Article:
In the tractate Hulin, which deals directly with laws of kashrut, the Talmud adopts a more liberal position than the one enunciated in Avodah Zorah. There, a taste test is set as the standard of kashrut: Food cooked in a pot that had been used to cook nonkosher meat is considered to be kosher if no taste of the non-kosher food remains. This standard can be applied easily to eating in a restaurant that uses the same pots and pans to cook non-kosher meat and vegetarian offerings. It demands care and still permits openness.

But the way Conservative Jews keep kosher is not simply a matter of finding leniencies. There is no “Conservative kashrut.” Kashrut is kashrut, at least as it relates to shechita – ritual slaughter. But for Conservative Jews, it is also much more. One of the hallmarks of the Conservative approach to Jewish law is its sensitivity to ethical issues. The recent creation of Magen Tzedek, a certification that kosher meat has been processed in a way that is both halachic and not abusive to the labor force, is an important example. Judaism’s strong opposition to cruelty to animals underlays many aspects of kashrut. The Rabbinical Assembly has passed resolutions condemning hoisting and shackling animals as a means of kosher slaughter, so it should be relatively easy for Conservative synagogues to insist that their caterers not use meat slaughtered in this way. Indeed, if Conservative synagogues brought the full weight of their collective purchasing power to bear they could effect a major change in the industry.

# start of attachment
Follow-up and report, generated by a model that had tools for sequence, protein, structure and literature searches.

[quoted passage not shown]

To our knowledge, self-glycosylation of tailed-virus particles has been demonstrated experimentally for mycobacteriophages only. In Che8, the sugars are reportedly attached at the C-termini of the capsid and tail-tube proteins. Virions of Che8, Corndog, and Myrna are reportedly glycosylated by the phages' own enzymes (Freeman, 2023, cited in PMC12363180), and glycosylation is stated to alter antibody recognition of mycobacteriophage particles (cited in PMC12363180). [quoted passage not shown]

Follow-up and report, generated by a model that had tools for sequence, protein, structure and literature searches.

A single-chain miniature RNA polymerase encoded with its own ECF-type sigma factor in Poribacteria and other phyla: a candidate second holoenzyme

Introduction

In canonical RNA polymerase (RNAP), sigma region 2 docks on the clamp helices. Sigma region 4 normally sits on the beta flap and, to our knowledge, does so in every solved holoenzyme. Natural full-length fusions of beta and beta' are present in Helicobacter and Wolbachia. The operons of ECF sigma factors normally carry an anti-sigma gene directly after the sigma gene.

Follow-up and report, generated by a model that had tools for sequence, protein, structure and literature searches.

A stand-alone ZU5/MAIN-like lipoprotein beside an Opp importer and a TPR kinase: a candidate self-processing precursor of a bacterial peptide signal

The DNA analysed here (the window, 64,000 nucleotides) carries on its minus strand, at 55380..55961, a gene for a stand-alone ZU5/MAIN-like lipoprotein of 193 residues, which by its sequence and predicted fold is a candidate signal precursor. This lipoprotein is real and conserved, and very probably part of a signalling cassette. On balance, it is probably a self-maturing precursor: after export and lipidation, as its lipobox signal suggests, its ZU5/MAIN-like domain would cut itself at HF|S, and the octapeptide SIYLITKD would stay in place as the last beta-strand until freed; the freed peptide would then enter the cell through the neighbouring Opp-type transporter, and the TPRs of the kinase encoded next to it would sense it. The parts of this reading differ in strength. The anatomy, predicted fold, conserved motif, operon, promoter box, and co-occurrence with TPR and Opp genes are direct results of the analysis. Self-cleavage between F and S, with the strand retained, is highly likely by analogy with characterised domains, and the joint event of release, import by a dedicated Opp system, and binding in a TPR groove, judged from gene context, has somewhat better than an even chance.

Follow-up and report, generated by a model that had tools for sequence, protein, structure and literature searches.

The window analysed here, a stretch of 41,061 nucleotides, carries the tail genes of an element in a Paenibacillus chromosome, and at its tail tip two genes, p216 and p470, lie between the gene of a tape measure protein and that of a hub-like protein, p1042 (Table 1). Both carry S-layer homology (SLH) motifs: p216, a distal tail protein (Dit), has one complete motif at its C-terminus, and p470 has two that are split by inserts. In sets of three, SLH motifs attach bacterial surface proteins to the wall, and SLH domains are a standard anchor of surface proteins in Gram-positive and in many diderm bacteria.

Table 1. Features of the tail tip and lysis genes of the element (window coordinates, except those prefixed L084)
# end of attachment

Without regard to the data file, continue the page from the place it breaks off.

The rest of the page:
On the same ethical grounds, we can insure that the proper treatment of animals becomes a standard for personal practice. Families should buy eggs laid by free-range chickens. We should oppose farming practices that turn chickens into factories, housing them in tight cages, with fluorescent lights shining on them 24 hours a day, so that they will produce the maximum number of eggs with the smallest possible amount of human labor. Similarly, as much as we can we should buy the meat of free-range chickens. It is one thing to feel that eating meat is necessary, but quite another to deprive animals of their natural life. We need not consume food produced through cruelty. Interestingly, Empire Kosher, the largest commercial producer of kosher chickens, proudly announces that its chickens are all free roaming.

For the same reasons, we should buy grassfed beef. American cattle growers often use feed that cows never would eat in nature. Sometimes the feed contains ground up blood and animal products, though cows are vegetarian by nature.

A congregant of mine who had thought about keeping kosher, but worried about how difficult his life would become were he to try, once saw my wife and me eating in a Chinese restaurant. It inspired him. “I didn’t realize that it was so easy to keep kosher,” he said, and went on to adopt kashrut as a standard for his own life. For Conservative Jews, keeping kosher is both easy and demanding. It is an exciting and responsible way to live in the modern world Jewishly and to live a life that is holy.

Rabbi Edward Feld is the senior editor of the new Conservative machzor, Lev Shalem, and is now at work on a siddur for Shabbat and holidays.